Will 3D Printing Destroy the Copyright in Manufacturing Industry?
Although the earliest 3D printing technologies were visible in the 1980s, little attention was paid at that time. Since the first commercial 3D printer has entered public consciousness and been offered to sale in 2009, 3D printing has become more common and available. It is applied not only in the military, engineering, and automotive, but also many other industries. There are even 3D printing workshops in big cities like New York and London. It is possible now for everyone to print materials as they like with the 3D printer. In the foreseeable future, 3D printers may follow the steps of personal computers, and it is not impossible that families will have their own 3D printer. That is amazing and convenient, but potential problems also come along.
Any of the various processes used to print an object in three-dimensional form is regarded as 3D printing. Different 3D printing processes involve different technologies and materials. Basically, the start point is a 3D digital model. This can be done with various kinds of 3D software programs or scanning an existing item by a scanner system. The most widely used process is Fused Deposition Modelling (FDM). The FDM process melts plastic material and puts it together layer by layer on the build platform to print the object according to the 3D model that has been supplied to the 3D printer. Another popular method is named Selective Laser Sintering (SLS). SLS uses lasers to fuse the powdered material selectively to form the three-dimensional object and gets the end product after cleaning the excess powder. As previously mentioned, no matter which method is used in the print process, the original object or a 3D design is needed. From the file preparation to the final printed object, intellectual property rights exist all the way round and are being potentially infringed.
Obviously, customers are able to manufacture dishes, spectacle frames, toys, accessories and so on. As the technology is getting more mature, it will be possible for customers to print a chair, a table, and even a boat or a car using 3D printing in the future. The technology is developing more quickly than the law. Some scholars predict 3D printing will have an impact on the manufacturing industry similar to that of MP3 files on the music industry. Sharing the 3D data files and printing the objects by the 3D printer will lead to countless similar or even exact copies of the original designs and products. What is worse, by downloading an MP3 file you just get a copy, you cannot say that this song is written by you. But after downloading the 3D data file and printing it, you can say the product is made by you in some way.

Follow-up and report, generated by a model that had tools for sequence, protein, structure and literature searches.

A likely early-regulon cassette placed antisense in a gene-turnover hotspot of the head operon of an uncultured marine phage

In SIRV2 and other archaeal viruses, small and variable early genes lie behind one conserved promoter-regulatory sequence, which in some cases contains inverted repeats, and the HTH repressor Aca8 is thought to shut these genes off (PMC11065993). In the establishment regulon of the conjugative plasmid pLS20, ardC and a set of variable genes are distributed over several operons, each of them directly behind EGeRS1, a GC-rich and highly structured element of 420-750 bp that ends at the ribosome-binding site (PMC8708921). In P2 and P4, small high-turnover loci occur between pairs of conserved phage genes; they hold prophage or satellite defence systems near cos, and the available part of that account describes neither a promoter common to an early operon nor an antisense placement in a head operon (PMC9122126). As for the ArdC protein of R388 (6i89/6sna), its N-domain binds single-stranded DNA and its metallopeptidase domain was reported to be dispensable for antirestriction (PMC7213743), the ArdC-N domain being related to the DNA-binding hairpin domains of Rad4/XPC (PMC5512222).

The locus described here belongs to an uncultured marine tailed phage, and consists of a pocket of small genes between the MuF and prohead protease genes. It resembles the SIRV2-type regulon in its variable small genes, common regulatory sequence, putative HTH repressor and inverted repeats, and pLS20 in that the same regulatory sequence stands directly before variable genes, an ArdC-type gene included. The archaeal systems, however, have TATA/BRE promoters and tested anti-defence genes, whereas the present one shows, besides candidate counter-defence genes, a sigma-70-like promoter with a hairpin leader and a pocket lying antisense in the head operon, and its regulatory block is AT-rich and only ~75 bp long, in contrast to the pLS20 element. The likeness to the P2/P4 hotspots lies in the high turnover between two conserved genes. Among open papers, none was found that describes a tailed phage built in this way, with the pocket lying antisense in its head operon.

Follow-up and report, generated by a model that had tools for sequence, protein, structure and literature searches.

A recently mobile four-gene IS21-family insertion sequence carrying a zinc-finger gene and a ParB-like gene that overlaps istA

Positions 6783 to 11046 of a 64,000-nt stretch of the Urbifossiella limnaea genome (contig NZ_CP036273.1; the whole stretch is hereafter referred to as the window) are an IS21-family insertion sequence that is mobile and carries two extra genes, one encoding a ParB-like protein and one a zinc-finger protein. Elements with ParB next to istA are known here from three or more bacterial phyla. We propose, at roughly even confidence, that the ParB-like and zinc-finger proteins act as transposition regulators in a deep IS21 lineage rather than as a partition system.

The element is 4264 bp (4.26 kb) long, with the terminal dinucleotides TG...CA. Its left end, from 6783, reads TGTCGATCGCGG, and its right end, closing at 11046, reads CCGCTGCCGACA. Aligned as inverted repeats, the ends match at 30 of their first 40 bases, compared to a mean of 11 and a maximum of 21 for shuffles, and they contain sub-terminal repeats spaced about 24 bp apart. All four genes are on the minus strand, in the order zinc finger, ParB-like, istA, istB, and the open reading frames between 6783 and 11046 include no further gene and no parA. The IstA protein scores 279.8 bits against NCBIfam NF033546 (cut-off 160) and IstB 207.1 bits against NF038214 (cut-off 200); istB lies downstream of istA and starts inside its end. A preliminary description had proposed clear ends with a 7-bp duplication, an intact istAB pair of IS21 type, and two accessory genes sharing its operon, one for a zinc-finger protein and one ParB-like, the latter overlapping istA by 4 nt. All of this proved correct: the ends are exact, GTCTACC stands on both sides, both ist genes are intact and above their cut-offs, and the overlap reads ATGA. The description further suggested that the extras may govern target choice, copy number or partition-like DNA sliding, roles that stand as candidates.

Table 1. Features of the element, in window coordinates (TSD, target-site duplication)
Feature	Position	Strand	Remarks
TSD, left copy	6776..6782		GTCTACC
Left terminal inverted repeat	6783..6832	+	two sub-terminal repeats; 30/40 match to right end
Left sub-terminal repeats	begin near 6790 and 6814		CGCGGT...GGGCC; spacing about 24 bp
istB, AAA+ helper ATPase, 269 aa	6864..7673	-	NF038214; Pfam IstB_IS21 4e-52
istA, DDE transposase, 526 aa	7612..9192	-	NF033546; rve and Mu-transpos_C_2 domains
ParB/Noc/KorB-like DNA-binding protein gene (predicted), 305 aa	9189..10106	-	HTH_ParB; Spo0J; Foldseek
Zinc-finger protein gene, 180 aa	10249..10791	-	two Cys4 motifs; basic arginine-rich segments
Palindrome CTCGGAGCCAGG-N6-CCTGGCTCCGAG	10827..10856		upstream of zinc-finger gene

The intellectual property rights can be infringed by a 3D data designer, the website in which are the files shared, and anyone who prints the object. Patent and copyright of the designs can hardly be protected in the digital environment, and now it is not just the people and company who owned the machines and technology who have the means to copy the copyright works.
The law is perhaps easier clearest in respect of patents. In most jurisdictions, an infringement of patent rights may occur where the defendant has made, used, sold, offered to sell, or imported an infringing invention or its equivalent. Under this definition, anyone using the 3D printer to print a patented item would be an infringer.
Copyright is vulnerable even when the 3D data have been put online. File-sharing and any methods used for unauthorized dissemination will potentially injure the copyright of the first designer and printer. It provides access to people who might be able to copy the authorized works by 3D printer. However the judicial system cannot monitor every individual’s behavior. It seems impossible to prevent the infringements only by law.
But there is also a positive side to the problem. Copying and infringing do not bring legal injuries only, attendant technology developments occur. Driven by the potential infringements that can be hardly prevented, new security measures around IT databases may soon be developed. Basically, the system functions by making the data unavailable in personal computer terminals. Updated and unique materials in the manufacturing process would be indispensable. For instance, it is unreasonable for a family to have the material to print all the components of a car. Obstructions to potential infringements will therefore be set up technically. Besides the law, every industry has its own internal regulation, the problems that brought by the technology always can be solved by the technology.
3D printing seems to be trying to destroy the manufacturing industry in a constantly updated way. Existing legislation is not enough to follow up the developments. Where the law is blank, maybe the technologies against infringements should dominate.
Assistant Editor, QMJIP